Longtime environmental justice advocate, Marta Segura, named the office’s first-ever director
LOS ANGELES — Mayor Eric Garcetti today launched Los Angeles’ first-ever Climate Emergency Mobilization Office (CEMO) — which will be responsible for coordinating the actions of the Mayor’s Office, City Council, and community leaders to meet the commitments of L.A.’s Green New Deal. Marta Segura, a longtime environmental justice advocate and nonprofit advisor, has been named to lead the division.
“The climate crisis isn’t a distant question, but an everyday reality for families, households, businesses, workers, and frontline communities across Los Angeles — and our Climate Emergency Mobilization Office will be a source of solutions for this generational challenge,” said Mayor Garcetti. “With a proven leader like Marta taking the reins, our City will stay focused on the core promises of our vision: greater equity, lower emissions, a thriving economy, and a zero-carbon, green-energy future.”
In Los Angeles’ Green New Deal, Mayor Garcetti committed to establishing the CEMO, an office housed in the City’s Board of Public Works. Championed by Councilmember Paul Koretz and the Leap LA coalition, the CEMO will work hand-in-hand with the Climate Emergency Commission, a group being established by the Mayor and City Council consisting of representatives from frontline communities and various climate, labor, and business leaders.
As the CEMO director, Segura will oversee the functions and policy recommendations of the office by liaising between community groups on behalf the Mayor’s Office and City Council; prioritizing environmental justice and input from those most impacted by the climate emergency in policy and program implementation; building community and civic engagement to increase input from disadvantaged neighborhoods; and collaborating with advocates and local leaders on a strategic plan to mobilize city actions on climate and air quality, among other responsibilities as the office continues to expand.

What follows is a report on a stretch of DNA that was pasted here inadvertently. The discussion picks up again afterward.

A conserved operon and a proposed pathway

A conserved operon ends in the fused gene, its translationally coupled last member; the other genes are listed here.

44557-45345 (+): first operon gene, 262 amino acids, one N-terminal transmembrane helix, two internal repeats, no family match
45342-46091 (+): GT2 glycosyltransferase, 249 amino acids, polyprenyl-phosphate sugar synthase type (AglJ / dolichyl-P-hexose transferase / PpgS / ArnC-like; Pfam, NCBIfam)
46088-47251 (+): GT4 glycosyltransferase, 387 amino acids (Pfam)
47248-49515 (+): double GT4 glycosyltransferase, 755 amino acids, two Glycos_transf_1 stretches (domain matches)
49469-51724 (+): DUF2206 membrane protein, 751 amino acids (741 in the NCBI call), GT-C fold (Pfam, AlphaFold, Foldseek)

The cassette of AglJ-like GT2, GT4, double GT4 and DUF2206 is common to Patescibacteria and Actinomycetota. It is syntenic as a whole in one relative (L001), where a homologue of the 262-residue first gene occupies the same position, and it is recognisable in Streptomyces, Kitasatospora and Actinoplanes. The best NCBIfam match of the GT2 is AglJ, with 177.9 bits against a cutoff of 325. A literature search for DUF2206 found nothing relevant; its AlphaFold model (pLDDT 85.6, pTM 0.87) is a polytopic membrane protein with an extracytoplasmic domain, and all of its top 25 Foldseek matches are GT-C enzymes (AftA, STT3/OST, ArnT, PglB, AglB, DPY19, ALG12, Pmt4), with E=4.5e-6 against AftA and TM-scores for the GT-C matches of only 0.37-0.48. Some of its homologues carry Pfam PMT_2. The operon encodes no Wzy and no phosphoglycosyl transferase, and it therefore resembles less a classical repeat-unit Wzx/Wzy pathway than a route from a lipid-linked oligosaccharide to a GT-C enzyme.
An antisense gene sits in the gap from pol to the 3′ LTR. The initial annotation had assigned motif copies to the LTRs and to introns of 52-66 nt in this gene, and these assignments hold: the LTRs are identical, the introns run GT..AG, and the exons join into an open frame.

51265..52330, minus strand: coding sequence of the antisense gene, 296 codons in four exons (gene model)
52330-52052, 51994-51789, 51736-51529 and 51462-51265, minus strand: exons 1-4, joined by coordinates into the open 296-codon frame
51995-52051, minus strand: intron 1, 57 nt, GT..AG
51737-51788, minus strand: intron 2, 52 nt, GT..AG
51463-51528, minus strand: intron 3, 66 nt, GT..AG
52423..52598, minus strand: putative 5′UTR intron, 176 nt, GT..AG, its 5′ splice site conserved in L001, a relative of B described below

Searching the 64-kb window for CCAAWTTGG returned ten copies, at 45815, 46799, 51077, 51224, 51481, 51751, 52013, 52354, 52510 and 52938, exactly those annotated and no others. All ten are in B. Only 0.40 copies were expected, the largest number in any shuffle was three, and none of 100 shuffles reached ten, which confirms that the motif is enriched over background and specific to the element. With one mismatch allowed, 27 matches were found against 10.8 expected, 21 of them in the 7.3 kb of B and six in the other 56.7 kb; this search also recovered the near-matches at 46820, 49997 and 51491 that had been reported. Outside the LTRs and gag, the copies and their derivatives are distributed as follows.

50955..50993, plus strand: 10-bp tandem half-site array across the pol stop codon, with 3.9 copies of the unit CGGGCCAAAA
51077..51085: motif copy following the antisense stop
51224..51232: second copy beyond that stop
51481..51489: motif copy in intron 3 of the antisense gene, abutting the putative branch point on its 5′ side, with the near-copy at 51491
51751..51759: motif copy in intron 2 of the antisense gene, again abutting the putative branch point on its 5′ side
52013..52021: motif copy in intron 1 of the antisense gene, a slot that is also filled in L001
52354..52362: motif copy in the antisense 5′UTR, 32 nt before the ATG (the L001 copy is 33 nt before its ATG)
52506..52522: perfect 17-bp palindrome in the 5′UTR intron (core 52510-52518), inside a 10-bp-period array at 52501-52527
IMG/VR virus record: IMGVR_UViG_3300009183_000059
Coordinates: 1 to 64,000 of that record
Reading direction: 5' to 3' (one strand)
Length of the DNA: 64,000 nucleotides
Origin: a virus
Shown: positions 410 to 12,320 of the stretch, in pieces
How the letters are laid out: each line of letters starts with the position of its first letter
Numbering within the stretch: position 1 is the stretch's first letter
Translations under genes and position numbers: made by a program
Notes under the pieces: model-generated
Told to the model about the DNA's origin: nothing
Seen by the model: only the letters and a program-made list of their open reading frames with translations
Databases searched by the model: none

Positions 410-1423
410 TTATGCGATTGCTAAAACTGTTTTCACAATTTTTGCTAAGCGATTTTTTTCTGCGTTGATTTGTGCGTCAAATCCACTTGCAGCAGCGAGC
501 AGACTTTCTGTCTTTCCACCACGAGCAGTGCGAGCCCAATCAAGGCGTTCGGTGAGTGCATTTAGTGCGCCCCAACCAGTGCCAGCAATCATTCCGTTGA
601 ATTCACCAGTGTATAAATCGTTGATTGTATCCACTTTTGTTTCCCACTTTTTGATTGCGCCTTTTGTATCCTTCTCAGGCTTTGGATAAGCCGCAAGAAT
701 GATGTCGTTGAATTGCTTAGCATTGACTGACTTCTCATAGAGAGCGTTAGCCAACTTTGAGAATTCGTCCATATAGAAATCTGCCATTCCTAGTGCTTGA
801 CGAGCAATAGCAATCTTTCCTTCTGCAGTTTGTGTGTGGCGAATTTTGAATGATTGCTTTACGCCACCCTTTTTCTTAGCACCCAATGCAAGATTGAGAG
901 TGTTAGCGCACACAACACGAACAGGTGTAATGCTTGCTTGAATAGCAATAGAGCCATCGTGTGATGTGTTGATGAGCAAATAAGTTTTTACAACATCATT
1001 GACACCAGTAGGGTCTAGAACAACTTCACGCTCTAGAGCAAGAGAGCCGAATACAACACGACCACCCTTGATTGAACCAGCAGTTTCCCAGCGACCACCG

“I am humbled and honored to serve as the City’s first Climate Emergency Mobilization Director. Now is the time to work together, with every community and every neighborhood, so we can plan and create the city we want,” said Segura. “We will collaborate with policymakers and community leaders to create opportunities for all families and workers to build thriving, healthy communities for all Angelenos while we strive to be a model for other cities. I'm honored and thrilled to roll up my sleeves and get to work.”
Segura has spent decades designing programs and social change campaigns for underserved L.A. communities, with her powerful combination of environmental advocacy and passion for social justice. She founded the organization Segura Strategies 4 Good to focus her work on closing the social and health gaps in Los Angeles. She previously served as a member of the Los Angeles City Planning Commission and as District Director for then-City Council President Eric Garcetti. Over the course of her career, Marta has served as a program officer at the California Endowment and as associate director of Communities for a Better Environment, one of California’s original statewide environmental justice organizations. She also holds a master’s of public health degree from the University of California, Los Angeles.
“We look forward to working with the Climate Emergency Mobilization Director and office to uplift community voices and build long-standing solutions rooted in Just Recovery,” said the Leap LA Coalition, a group comprised of The Physicians for Social Responsibility-Los Angeles, Communities for Better Environment, Esperanza Community Housing Corporation, Strategic Concepts in Organizing and Policy Education (SCOPE), and Pacoima Beautiful.
"The Climate Emergency Mobilization Office (CEMO) was created to respond to the worldwide climate crisis, and the hope that, in the short time we have to turn this disaster around, we can take dramatic steps and provide leadership not only in our own City, but as an example others can follow beyond our borders,” said CEMO lead author L.A. City Councilmember Paul Koretz. “The CEMO was formed in a unique partnership with the Leap LA Coalition to address the urgent need to mobilize all sectors of the City with leadership from the most impacted frontline, Indigenous and labor communities to address the imminent threats to human health, safety and the very habitability of our planet. I appreciate the support from my climate-focused colleagues: Council President Nury Martinez, co-author Councilmember Bob Blumenfield, Budget Chair Councilmember Paul Krekorian, and Mayor Garcetti.”